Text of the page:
James Webb Telescope explores deep space

ART BY KIARA TAVAKOLI
ART BY KIARA TAVAKOLI

NASA’s James Webb Space Telescope was launched last December on a mission to peer farther into the universe than any telescope has ever done. The $10 billion investment is one of the most powerful space telescopes launched and has successfully revealed new images of galaxies, stars and an exoplanet that might help researchers uncover discoveries and solve mysteries about the origins of the universe. 

The telescope uses infrared light to detect celestial bodies beyond our solar system. Astrophysics teacher Michael Lupoli said there are multiple reasons using infrared light is valuable for the Webb telescope. 

“One is to penetrate gas clouds,” Lupoli said. “If we were using visible light, we wouldn’t be able to see through the cloud to see what’s going on inside of there.”

Lupoli also said the telescope allows people to view the present as well as the past. 

 “These stellar nurseries or stars are being born, but infrared allows us to essentially peer into the cloud and get a lot more detail of what’s going on inside that cloud,” Lupoli said. “The other benefit of using infrared is that it allows us to look back in time.”

When the first stars and galaxies formed 14 billion years ago, Lupoli said they emitted electromagnetic radiation. 

“Because of the expansion of the universe, what’s happening to the light is that it’s being redshifted, which is when the wavelength gets stretched out as a result of the stretching of space-time,” Lupoli said.

Lupoli said this provides information on the earliest years of the universe, furthering the understanding of how galaxies and stars first formed. He also said the telescope has the ability to find exoplanets, which are planets orbiting stars outside of our solar system.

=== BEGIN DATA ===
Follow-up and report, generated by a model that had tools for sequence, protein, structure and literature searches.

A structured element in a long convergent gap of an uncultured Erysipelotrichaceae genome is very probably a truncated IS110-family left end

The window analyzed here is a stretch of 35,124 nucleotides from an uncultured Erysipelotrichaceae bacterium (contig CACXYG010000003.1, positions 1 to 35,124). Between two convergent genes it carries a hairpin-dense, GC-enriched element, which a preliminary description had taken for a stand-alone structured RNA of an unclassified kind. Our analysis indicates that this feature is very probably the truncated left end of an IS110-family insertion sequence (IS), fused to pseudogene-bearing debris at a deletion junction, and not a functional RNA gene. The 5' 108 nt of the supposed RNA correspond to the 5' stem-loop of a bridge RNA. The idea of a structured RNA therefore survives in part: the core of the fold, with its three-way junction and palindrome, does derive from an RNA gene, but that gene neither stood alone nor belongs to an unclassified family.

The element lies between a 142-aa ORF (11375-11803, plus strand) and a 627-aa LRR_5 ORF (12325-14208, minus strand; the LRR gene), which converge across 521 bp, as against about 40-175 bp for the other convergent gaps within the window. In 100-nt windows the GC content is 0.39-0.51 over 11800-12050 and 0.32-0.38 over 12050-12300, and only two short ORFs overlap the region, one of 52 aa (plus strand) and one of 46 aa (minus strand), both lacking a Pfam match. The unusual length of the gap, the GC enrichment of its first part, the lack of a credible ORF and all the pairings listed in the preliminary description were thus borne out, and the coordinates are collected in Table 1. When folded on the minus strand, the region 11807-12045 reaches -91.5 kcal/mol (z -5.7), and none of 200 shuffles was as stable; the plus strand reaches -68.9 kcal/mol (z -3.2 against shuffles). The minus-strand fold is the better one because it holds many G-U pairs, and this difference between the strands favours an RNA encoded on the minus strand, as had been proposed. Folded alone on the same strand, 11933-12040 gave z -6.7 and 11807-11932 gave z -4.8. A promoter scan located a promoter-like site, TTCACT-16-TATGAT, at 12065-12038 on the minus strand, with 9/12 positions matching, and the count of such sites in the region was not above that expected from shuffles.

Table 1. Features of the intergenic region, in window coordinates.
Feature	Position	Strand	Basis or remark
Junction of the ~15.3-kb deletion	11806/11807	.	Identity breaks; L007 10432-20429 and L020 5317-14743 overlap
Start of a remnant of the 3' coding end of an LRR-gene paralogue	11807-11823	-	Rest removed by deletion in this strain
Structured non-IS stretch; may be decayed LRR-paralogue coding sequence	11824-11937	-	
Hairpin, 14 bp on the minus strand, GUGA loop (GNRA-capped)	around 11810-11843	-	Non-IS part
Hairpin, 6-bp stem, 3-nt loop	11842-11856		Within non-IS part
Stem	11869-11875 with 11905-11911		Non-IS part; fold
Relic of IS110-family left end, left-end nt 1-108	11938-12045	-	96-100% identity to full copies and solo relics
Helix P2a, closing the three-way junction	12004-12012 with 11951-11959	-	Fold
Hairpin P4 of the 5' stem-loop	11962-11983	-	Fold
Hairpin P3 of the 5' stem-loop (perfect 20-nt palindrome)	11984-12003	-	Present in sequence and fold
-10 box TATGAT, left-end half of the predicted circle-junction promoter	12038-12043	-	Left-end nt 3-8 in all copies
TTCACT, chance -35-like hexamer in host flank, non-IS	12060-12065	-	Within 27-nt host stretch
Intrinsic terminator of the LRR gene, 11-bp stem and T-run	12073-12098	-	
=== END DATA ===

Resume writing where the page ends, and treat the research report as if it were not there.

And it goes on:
“An exciting aspect of astrophysics is looking at these exoplanets and trying to understand what planets are out there,” Lupoli said. “A lot of us are very curious about whether or not one of these planets harbors life.”

Freshman and Astronomy Club President Vrajakishor Rajmohan said he is impressed with the numerous images of our galaxy he has seen from the Webb.

“The telescope has captured some very nice images of Jupiter, its belts and how the atmospheric circulation is seen from the telescope,” Rajmohan said. “The telescope has captured images of nebulae — the birthplace of stars.”

Rajmohan also said Webb will be able to use its infrared astronomy to see very far into the past and make further developments in researching the origins of the universe.

Although Rajmohan said that Webb has not discovered any signs of life beyond the Earth, it has detected water and oxygen on some exoplanets. He said this discovery also reveals stellar evolution–the process in which a star changes over a course of time, has and continues to progress over time. 

“Older stars pave the way for new stars to form, as they create nebulae and star-forming regions,” Rajmohan said.

Although technology is constantly changing how scientists determine whether life exists outside our solar system, Lupoli said he is confident Webb will be able to accomplish this mission. 

 “It might be hard to determine if life is there with our current technology and ability to travel,” Lupoli said. “There’s a lot out there, and Webb is going to open our eyes to all of it. 

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